By John Richardson
SHELL Chemicals put an argument forward last week that polystyrene (PS) had regained ground from polypropylene (PP) as a result of expensive propylene.
And the petrochemicals major forecast a bright future for both PS and expandable polystyrene (EPS).
The blog pretty much always enjoys playing the devil’s advocate and so later on in this post we will suggest some challenges to the Shell view.
First of all, though, here is a bit of background and some of the details of the case put forward by Shell.
From Feast to Famine
As we have discussed before on the blog, C3s have become very costly as a result of the switch to lighter cracker feeds in the US, the predominance of gas as a feedstock in recent steam-cracker capacity additions and above GDP demand-growth for PP.
So expensive has propylene become that since the global economic crisis, PS has regained its cost position against PP, said Alexander Farina, Shell’s General Manager, Chemicals Strategy Development.
“Equally encouraging is that substitution of PS by PP seems to have reached a plateau, and estimates suggest global styrene demand will grow around 3% per annum to 2020,” added Farina in a speech to the 5th ICIS Asian Aromatics and Derivatives Conference, which took place in Singapore last week.
“Reports from Asia confirm that further PS substitution is no longer an issue.
“There are ongoing challenges for PS in North America and Europe, where perhaps up to one-third of each market could be vulnerable to PP, but only with increased investment in production capacity for the latter.”
“Substitution is not a threat to construction market-focused PS products – particularly insulation – where long-term demand outlook is good in both new build and refurbishment. There are other uses – such as snap-off multipacks for foods like yoghurts – where PS is clearly the material of choice.”
Farina, however, earlier in his speech painted a challenging picture for benzene pricing.
Benzene went from a feast of oversupply in the 1990s to a famine of an over-tight markets in the 2000s, he recounted.
The last decade marked the introduction of tougher regulations on benzene content in gasoline, leading to the closure of on-purpose hydro de-alkylation (HDA) capacity.
“Before 2005, on-purpose swing capacity could add 20% to other (global) benzene production,” he added
“Today, it is nominally about 4%, but practically non-existent.
“Back in 2005, a Shell colleague speculated on whether the severe reduction in swing capacity would – at some point – create the need for new, on-purpose benzene supply if incremental fatal supply remained unavailable.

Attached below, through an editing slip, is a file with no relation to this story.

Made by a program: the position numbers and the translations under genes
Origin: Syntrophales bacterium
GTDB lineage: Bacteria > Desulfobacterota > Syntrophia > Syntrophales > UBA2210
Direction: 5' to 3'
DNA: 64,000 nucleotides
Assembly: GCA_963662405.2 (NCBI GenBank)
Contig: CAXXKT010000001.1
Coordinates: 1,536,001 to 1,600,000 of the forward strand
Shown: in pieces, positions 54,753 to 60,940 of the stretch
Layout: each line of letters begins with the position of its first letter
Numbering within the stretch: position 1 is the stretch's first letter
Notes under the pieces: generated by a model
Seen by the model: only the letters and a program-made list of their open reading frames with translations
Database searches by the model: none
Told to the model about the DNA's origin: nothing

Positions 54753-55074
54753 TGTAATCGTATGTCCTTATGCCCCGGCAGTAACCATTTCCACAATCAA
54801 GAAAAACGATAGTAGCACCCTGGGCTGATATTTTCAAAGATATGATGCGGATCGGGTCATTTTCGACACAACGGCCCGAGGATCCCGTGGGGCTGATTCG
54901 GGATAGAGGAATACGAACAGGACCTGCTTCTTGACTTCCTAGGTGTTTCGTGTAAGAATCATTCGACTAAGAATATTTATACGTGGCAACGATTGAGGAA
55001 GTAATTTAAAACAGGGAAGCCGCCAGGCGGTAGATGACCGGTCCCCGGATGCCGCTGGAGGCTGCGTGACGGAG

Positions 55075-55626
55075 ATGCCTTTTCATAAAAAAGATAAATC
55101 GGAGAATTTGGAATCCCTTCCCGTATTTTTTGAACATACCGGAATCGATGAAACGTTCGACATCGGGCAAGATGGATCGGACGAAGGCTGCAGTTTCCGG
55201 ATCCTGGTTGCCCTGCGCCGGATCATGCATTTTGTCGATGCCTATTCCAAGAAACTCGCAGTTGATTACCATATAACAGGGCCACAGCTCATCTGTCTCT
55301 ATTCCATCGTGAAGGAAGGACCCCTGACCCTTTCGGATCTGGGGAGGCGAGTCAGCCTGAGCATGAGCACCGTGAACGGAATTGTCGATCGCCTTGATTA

“Well, to-date, it has not, and the jury is still out on if and when that may happen.”
This had left benzene supply very-heavily dependent on how reformers and steam crackers run, he added. C6 pricing is therefore often driven by the demand for gasoline and olefins rather than the demand for benzene derivatives.
“In combination with high and fluctuating crude prices, the knock-on effect has been to make benzene prices much more volatile,” he said.
And he added that current estimates were for benzene demand to grow by just over 3% per year with supply only increasing by about 2% per annum.
But despite these challenges, Farina said that the price of the feedstock would remain competitive.
His speech also pointed out the excellent insulating properties of EPS and how it could help reduce energy consumption. Better-insulated buildings had the potential to reduce global energy consumption by 20%, he said.
But just for sake of being miserable….
1.) What if new ethane-based crackers in the US ‘crowd out” liquids-based cracker investments elsewhere? Might this sharply reduce the projected growth in benzene availability?
2.) What if the legal wrangle over styrene being declared a carcinogen by the US Department of Health and Human Services leads to consumer goods made from PS being banned?
3.) What if the propylene supply issues that have caused the surge in C3 costs are resolved? Unlike in benzene, on-purpose production of propylene is becoming ever-more popular. For example, several propane dehydrogenation (PDH)-to-propylene projects have recently been announced in the US and China
4.) And most importantly of all, what if crude oil pricing becomes even-more volatile, causing problems for more than just benzene? As we will argue in Chapter 3 of our e-book, ‘Boom, gloom and the new normal – how Western baby boomers are changing global chemical demand patterns, again’, oil markets have become dysfunctional and represent a major risk to the global economy.